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2013 Global Project BIG 3 - MR. GO

by HUH Nam-woong    02.04.2013
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MR. GO by  KIM Yong-hwa
 
 
Korea is set to have its own CG character on a level to rival Gollum as a CG gorilla is born. Mr. Go will not rely on top stars to bring in spectators. Instead, a whole new character will captivate audiences. It’s a gorilla, though not an ordinary one. This one can play baseball. To create this gorilla, director KIM Yong-hwa made Mr.Go as a 3D movie. Soon, Korea is to have its own CG character to rival Gollum of the Lord of the Ring, and the tiger named Richard Parker from Life of Pi.
 

- Mr. Go is the film version of ‘The 7th Team’ by well-known Korean cartoonist HEO Young-man. How is the film different from the original?

HEO’s ‘The 7th Team’ is about a gorilla joining a pro baseball team and the chaos which ensues. But other than the basic frame of the plot, the story of the film has been altered completely.
 
- I’m curious about the story.
  
A girl who used to belong to a Chinese circus troupe and a gorilla called Ling Ling enter a Korean pro baseball team. They grow into superstars after playing in the Japanese pro baseball league. I love this comic on a personal level but when I was offered to direct the film, I hesitated at the beginning.
 
-Which aspect of the production did you think would be the toughest?
   
I thought long and hard about how to make Ling Ling the gorilla come alive for the audience. Even though the original is a comic, it seemed like a tough job to create a convincing Ling Ling. 3D technology was the solution. With the help of 3D technology, audiences will not focus on the pixels that make up Ling Ling, but see him as a living creature.
 
- The topic of friendship between a human and an animal is a familiar yet tough one. I wonder how you set about portraying this aspect in your film?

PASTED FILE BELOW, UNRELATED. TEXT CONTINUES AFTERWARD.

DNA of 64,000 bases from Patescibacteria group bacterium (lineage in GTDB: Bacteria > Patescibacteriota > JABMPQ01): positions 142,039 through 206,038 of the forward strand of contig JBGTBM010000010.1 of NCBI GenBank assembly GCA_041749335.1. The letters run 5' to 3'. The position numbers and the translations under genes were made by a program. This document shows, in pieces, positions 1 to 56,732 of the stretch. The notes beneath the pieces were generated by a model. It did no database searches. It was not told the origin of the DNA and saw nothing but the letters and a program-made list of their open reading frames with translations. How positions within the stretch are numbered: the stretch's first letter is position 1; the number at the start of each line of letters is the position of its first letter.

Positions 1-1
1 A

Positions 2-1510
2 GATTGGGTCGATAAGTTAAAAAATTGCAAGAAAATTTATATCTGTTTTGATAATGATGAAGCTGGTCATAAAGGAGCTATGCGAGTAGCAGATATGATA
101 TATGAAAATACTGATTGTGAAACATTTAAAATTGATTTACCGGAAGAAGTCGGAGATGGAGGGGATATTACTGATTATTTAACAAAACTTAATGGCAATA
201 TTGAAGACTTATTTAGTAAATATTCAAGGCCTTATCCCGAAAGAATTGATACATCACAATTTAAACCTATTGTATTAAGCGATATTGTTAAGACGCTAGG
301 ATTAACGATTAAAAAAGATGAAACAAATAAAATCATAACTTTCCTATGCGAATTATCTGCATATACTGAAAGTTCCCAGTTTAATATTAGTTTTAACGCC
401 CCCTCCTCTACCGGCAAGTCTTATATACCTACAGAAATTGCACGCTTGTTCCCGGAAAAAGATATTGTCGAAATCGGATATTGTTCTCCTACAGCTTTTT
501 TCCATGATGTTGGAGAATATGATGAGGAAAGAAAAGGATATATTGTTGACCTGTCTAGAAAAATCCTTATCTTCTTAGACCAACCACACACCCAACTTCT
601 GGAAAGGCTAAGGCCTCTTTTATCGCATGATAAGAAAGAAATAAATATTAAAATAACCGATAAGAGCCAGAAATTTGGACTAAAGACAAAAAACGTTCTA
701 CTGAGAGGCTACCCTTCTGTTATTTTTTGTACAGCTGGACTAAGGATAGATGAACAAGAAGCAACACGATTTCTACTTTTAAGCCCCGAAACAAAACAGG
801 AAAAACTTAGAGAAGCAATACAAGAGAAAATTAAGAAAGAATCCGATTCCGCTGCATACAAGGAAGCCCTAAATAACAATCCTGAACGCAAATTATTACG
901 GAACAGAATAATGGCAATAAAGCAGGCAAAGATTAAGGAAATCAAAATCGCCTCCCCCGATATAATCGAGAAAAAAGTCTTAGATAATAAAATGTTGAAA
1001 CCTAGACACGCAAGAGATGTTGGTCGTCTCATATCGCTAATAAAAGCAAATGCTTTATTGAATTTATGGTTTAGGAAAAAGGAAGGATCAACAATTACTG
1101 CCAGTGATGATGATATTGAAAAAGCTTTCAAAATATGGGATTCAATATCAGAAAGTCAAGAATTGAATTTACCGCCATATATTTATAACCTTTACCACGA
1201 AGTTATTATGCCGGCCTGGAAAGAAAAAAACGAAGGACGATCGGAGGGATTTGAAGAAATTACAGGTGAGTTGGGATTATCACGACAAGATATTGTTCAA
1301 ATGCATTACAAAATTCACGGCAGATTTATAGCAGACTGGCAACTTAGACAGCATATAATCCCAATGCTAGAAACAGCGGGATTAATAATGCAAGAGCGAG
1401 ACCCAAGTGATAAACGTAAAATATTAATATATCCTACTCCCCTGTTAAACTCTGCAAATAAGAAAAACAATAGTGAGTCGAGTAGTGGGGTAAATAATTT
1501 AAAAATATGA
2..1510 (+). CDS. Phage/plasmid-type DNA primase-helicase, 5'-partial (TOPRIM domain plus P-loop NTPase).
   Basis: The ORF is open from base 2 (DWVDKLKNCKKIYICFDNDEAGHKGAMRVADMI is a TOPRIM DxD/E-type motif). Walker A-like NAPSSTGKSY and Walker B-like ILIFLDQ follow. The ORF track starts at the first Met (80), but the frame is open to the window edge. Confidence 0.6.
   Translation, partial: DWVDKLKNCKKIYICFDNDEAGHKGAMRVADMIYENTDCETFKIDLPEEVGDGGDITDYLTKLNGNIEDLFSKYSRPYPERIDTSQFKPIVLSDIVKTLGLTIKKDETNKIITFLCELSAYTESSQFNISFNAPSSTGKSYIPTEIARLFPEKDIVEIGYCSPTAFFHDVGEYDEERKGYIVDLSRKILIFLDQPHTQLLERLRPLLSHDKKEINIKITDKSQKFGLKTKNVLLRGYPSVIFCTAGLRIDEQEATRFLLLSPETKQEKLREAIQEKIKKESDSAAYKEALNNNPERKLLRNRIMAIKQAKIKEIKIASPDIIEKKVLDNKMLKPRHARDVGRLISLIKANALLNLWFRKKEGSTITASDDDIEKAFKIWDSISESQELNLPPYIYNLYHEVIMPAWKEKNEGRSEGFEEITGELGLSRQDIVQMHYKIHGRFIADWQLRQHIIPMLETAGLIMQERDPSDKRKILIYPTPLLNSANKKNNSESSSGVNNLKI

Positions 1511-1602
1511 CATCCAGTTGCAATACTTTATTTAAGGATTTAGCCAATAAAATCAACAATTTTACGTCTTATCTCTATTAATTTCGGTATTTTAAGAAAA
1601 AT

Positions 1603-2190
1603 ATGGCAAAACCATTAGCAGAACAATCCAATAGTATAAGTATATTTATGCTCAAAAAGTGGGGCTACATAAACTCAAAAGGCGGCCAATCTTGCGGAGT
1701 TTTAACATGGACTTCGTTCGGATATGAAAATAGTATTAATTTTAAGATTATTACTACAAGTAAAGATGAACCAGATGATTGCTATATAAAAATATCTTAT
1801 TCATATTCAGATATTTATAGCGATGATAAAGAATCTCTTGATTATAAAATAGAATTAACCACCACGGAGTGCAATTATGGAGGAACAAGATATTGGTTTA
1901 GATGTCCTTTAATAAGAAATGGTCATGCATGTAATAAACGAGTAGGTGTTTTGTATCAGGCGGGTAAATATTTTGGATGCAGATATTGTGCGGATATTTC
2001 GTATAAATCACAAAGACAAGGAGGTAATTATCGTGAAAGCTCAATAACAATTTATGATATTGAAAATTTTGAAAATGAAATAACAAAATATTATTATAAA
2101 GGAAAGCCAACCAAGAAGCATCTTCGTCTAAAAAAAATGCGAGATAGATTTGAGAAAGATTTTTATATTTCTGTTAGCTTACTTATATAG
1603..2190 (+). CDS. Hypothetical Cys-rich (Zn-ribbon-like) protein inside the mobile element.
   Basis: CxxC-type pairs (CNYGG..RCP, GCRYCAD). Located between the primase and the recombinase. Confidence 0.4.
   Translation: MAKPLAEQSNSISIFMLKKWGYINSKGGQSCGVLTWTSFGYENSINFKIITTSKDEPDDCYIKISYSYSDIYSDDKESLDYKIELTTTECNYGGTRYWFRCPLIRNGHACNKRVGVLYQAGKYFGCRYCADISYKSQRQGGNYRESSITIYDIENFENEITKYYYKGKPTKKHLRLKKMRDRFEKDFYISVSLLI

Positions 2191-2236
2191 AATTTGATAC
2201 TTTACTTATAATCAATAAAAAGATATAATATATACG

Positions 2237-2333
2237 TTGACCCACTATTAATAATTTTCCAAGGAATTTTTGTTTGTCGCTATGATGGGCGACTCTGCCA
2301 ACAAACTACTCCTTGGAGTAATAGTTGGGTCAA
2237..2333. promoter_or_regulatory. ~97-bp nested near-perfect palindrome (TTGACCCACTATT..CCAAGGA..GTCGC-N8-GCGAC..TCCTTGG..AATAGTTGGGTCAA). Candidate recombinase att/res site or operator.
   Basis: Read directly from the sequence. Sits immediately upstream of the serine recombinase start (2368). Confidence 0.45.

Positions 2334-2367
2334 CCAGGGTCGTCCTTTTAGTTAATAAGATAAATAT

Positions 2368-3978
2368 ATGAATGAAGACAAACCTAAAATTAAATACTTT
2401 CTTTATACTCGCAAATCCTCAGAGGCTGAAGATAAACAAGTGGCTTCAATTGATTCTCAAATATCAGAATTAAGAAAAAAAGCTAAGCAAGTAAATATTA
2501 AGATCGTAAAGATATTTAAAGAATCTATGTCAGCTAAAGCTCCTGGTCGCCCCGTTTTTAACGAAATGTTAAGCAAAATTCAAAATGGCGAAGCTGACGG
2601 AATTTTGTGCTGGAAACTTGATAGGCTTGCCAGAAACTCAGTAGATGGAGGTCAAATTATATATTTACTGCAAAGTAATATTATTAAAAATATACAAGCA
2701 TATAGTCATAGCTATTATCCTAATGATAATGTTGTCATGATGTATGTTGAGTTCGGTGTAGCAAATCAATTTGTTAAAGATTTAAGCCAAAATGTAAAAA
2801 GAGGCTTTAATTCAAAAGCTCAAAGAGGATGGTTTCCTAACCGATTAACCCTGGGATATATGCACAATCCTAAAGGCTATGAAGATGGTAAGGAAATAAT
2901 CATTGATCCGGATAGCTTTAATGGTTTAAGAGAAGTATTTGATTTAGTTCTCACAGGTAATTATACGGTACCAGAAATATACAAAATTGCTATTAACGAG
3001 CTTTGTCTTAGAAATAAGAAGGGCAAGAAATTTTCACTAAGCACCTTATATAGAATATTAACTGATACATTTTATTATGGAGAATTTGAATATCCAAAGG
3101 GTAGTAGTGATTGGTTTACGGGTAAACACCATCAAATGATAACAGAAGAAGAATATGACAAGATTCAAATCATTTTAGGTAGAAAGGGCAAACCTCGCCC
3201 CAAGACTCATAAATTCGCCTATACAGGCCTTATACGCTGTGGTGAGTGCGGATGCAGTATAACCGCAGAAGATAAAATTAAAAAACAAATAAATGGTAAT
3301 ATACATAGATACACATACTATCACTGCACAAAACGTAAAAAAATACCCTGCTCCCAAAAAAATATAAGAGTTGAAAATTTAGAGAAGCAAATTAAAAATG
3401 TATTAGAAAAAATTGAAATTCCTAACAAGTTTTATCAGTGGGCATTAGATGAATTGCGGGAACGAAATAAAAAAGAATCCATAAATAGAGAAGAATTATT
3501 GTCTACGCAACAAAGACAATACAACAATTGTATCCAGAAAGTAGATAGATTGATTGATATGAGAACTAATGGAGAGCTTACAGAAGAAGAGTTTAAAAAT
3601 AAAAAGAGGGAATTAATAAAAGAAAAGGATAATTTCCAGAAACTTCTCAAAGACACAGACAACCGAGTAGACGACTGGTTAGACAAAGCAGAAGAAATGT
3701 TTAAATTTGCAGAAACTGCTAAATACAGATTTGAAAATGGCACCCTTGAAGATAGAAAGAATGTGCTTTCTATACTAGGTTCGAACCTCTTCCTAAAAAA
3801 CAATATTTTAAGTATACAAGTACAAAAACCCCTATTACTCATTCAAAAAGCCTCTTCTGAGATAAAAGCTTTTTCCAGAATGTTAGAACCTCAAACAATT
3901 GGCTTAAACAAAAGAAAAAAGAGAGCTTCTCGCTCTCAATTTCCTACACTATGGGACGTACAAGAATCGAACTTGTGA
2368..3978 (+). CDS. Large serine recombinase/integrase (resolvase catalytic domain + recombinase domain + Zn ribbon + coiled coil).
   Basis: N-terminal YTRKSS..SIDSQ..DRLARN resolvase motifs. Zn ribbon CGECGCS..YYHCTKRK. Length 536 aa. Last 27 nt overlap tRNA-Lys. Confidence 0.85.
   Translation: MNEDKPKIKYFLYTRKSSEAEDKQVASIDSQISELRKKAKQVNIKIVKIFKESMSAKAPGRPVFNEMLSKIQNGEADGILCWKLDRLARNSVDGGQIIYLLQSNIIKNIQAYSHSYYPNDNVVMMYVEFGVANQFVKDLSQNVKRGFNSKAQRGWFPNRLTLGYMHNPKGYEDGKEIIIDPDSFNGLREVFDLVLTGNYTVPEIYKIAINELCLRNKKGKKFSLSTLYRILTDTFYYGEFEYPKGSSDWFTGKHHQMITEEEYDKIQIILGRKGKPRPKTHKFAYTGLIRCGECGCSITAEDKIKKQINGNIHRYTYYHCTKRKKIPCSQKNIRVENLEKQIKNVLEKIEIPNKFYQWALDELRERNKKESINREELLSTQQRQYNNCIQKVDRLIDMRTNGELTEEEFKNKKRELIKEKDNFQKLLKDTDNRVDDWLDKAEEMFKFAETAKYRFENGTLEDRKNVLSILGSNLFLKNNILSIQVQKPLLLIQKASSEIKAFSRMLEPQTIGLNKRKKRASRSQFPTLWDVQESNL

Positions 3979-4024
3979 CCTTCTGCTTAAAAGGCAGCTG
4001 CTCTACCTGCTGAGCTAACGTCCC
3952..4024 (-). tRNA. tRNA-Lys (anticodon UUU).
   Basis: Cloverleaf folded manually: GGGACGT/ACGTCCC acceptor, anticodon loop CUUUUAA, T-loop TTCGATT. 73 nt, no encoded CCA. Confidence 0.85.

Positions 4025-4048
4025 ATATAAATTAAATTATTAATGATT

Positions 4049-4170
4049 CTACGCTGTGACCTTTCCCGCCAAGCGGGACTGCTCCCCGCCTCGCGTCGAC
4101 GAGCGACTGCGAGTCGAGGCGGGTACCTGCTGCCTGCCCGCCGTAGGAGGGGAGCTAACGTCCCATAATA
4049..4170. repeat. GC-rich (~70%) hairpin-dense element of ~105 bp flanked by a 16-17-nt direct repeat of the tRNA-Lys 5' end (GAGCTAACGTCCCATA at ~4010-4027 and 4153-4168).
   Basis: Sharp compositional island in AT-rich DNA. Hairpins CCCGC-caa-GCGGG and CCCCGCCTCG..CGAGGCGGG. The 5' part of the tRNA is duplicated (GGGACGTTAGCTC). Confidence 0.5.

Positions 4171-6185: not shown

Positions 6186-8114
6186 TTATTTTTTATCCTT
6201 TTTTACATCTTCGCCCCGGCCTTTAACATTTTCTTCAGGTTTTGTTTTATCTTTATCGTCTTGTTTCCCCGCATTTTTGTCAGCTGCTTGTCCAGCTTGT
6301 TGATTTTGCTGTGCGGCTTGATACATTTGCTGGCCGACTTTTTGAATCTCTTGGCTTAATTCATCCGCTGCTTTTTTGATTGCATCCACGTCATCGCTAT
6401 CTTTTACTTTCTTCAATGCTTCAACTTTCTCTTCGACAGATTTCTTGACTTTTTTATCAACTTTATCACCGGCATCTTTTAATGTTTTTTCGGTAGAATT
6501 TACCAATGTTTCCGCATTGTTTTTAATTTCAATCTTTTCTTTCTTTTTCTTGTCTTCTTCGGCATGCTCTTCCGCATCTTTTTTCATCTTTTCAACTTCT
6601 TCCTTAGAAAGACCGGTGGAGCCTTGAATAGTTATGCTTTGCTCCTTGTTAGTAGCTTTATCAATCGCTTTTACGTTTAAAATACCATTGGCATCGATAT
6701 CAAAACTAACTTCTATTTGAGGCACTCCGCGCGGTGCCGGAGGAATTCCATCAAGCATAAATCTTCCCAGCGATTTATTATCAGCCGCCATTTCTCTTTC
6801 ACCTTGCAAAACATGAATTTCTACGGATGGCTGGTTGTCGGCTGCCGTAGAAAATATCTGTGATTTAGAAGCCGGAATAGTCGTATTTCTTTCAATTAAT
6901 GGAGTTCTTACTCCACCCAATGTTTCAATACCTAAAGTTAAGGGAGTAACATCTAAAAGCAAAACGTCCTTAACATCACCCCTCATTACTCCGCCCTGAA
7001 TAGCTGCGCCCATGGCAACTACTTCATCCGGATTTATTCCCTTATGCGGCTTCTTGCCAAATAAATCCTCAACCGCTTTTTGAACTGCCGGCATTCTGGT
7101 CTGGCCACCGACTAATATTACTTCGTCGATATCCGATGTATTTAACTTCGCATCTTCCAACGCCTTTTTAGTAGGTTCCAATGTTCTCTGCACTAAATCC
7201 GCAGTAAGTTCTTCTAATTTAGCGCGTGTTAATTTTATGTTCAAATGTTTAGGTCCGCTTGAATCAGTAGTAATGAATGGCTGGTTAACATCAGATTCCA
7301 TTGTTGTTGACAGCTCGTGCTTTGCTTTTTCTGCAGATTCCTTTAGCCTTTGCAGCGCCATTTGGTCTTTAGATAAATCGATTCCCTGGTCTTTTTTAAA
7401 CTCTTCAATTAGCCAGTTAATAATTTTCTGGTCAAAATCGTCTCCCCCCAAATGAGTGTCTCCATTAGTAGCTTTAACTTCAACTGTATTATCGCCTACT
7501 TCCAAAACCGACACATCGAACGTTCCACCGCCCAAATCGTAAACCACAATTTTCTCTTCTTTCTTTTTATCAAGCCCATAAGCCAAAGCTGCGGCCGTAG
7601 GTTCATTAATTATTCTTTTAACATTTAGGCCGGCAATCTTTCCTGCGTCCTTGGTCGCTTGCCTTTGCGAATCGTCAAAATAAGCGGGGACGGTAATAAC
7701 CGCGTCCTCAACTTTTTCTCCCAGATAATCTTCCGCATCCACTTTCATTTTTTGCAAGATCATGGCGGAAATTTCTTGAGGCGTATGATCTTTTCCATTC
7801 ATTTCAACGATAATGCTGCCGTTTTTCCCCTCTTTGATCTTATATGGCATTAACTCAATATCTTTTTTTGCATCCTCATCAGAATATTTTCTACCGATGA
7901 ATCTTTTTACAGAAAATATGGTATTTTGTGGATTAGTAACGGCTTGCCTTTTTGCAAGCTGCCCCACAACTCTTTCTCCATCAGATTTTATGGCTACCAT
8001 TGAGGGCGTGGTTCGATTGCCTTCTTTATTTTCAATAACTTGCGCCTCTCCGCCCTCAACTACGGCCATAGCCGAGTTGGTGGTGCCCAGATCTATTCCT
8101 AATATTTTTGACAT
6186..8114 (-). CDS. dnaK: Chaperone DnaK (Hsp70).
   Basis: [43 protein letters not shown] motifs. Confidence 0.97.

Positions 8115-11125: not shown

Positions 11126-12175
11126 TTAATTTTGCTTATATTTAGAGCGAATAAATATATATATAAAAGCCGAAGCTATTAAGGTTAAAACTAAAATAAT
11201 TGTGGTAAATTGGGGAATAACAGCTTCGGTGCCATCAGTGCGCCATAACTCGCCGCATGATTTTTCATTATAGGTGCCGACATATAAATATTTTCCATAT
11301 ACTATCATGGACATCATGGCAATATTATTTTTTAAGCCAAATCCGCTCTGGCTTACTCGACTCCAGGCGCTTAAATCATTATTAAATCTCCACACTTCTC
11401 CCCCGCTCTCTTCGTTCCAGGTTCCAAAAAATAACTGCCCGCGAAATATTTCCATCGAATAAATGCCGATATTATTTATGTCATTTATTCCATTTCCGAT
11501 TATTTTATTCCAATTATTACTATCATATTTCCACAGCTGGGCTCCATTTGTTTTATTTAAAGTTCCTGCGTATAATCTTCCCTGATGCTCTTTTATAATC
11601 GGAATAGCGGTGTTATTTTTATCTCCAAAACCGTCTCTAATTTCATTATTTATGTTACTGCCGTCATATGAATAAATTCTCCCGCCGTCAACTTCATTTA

I was thinking long and hard about that when I came by footage on YouTube called “Christian the Lion.” It’s about a baby lion raised by two young men. The lion goes back into the wild but when he sees the two men a few years later, he runs into their arms like a human child. I was so moved by it that I welled up. I thought then that it would be possible to show a story about an animal that is more human than humans.
 
- Expectations are high about the 3D aspect of Mr. Go as it’s an unprecedented film for Korea in terms of scale and the technology used.
   
The gorilla in the film had to look like a living creature for the whole film to work. There are some 2000 shots in the film and I devoted 1000 of them to Ling Ling. That’s the level of importance I put on the gorilla character. The success of the film depends on the creation of a realistic gorilla. Shooting in full 3D, capturing Ling Ling’s performance and the CG work on the gorilla that would take up to an hour of running time, all of these were new experiences in the history of Korean cinema. We set up a company called “Dexter Film” and some 150 CG professionals took part.
 
- Tell me more about how you captured Ling Ling the gorilla’s performance.
   
An actor stood on the mound with rigging arms to portray Ling Ling. We also did 3D CG work based on motion capture. In the post-production phase, I acted the part of Ling Ling myself to help animators do their work more easily.
 
- The film required many aspects of new technology and that meant a huge budget. The production cost was 22.5 billion Korean won. How did you fund your film?
   
Yes, the budget was a big issue. We thought that the Chinese market would be key in this so we managed to secure 25% of the costs from Chinese backers. I think the fact that China, a country where baseball is hardly known, took part in co-producing this film is proof of its’ universal popularity.
 
- The imagination of the story, the technical aspect, as well as the huge scale of the production tells me that it will be a landmark 3D movie that will open up a new era in the history of Korean cinema.
  
I wanted to make a film that would be universal in terms of its story and technology. I hope that this will be reflected in the result.
  
 
 
photographed by CHOI Jun-suk
 
 
 
 
 

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